I started this website as a place to collect and share my thoughts about patients I encounter (of course, with their permission, de-identified to protect their privacy & HIPPA laws), including some challenging cases that I failed at and some that I am most proud of. Whatever the situation, I vow to never abandon people who trust me to help them, however long the ride may be. These limbs are attached to beautiful people who have revealed their most vulnerable state to me and truly count on me to care for them. I find deep satisfaction in building these relationships and hope to continue in doing so.
Along the way, I have engaged with dynamic people offering their pearls and sharing their personal struggles with me, whether they are patients or other health care providers. I want to thank you, the reader, for dropping by and opening up to me. I hope we will continue this curious journey we call life together and learn about all the different ways there are to heal people like you and me. In turn, I will share my struggles too.
This website's 1 year anniversary is dedicated to my hubby who has seen me struggle to figure out my identity and purpose in a profession dominated by men. In training, I've been mentally beaten down by superiors, figuratively thrown under the bus by colleagues, punished by having necessary training experiences taken away from me, mandated to having one-on-one intimidation meetings, essentially outcasted for one reason or another...of course this list can go on and on but I won't dwell on it because that has passed. While inside though, I felt my morale was withering away and that I couldn't get through it another day, let alone another year. I started telling myself it is not worth it. I can't do this anymore. I can't do medicine. I can't help people.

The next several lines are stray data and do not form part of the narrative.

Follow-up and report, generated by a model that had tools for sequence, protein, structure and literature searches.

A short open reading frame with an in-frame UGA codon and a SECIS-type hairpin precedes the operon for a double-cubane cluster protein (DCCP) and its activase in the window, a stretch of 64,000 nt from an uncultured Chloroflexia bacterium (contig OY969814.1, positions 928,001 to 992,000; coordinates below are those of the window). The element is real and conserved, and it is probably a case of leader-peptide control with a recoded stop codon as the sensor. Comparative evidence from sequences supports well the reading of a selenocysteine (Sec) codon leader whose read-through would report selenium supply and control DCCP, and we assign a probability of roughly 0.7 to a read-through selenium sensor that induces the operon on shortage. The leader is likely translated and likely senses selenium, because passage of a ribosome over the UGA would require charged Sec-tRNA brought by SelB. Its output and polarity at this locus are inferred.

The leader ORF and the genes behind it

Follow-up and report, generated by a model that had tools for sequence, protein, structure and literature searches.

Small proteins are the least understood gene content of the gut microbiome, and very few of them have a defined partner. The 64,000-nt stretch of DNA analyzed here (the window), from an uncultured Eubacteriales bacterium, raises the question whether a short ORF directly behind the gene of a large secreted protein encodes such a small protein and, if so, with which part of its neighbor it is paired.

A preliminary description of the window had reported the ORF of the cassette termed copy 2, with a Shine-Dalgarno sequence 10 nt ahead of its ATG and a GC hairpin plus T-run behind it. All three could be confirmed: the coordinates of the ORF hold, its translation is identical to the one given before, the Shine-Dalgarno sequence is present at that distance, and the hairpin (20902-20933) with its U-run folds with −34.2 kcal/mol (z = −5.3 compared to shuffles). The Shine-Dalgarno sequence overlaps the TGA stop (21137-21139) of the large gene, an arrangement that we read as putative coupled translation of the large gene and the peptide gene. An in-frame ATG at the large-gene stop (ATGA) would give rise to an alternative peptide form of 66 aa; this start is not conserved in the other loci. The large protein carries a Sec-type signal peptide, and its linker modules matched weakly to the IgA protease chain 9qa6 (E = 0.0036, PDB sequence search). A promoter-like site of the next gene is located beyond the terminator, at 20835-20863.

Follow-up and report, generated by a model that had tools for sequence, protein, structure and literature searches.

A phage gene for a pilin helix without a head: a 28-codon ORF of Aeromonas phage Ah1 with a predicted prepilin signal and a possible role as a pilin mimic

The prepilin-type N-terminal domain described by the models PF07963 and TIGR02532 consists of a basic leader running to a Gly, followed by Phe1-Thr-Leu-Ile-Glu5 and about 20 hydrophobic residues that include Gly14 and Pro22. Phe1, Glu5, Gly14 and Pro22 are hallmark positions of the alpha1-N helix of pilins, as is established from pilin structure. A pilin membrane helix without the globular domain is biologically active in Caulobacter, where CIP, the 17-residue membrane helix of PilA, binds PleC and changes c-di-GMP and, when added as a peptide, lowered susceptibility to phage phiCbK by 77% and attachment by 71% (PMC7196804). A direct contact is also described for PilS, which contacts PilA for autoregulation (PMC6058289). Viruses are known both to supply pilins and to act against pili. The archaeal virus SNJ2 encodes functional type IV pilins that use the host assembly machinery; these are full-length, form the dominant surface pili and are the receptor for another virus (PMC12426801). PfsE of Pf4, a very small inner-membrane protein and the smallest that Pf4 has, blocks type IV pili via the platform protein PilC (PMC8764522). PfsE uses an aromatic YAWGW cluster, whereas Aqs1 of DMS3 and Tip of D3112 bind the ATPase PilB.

The most harmful words to myself: "I can't."
And then one day I thought to myself I wouldn't accept this to be. I was determined to complete my training and then continue on with another year of fellowship training. I changed the conversation in my head from "I can't" to "I will." I will make this work. I didn't want to give up on patients I could help and I didn't want to give up on myself.
The most rewarding experience is when patients are traveling distances just to see me and they thank me for saving them from the crippling effect of an amputation. There are days that the only salvation are words of kindness and I am thankful I am able to make it out the trenches to hear them now.
As I reflect on this past year and the challenges I face, one thing stands out. There is power in kindness to others and most importantly, to yourself. Despite your battles, the one inside your head is the one you must learn to overcome.
"Whether you think you can or think you can't, you are right." Henry Ford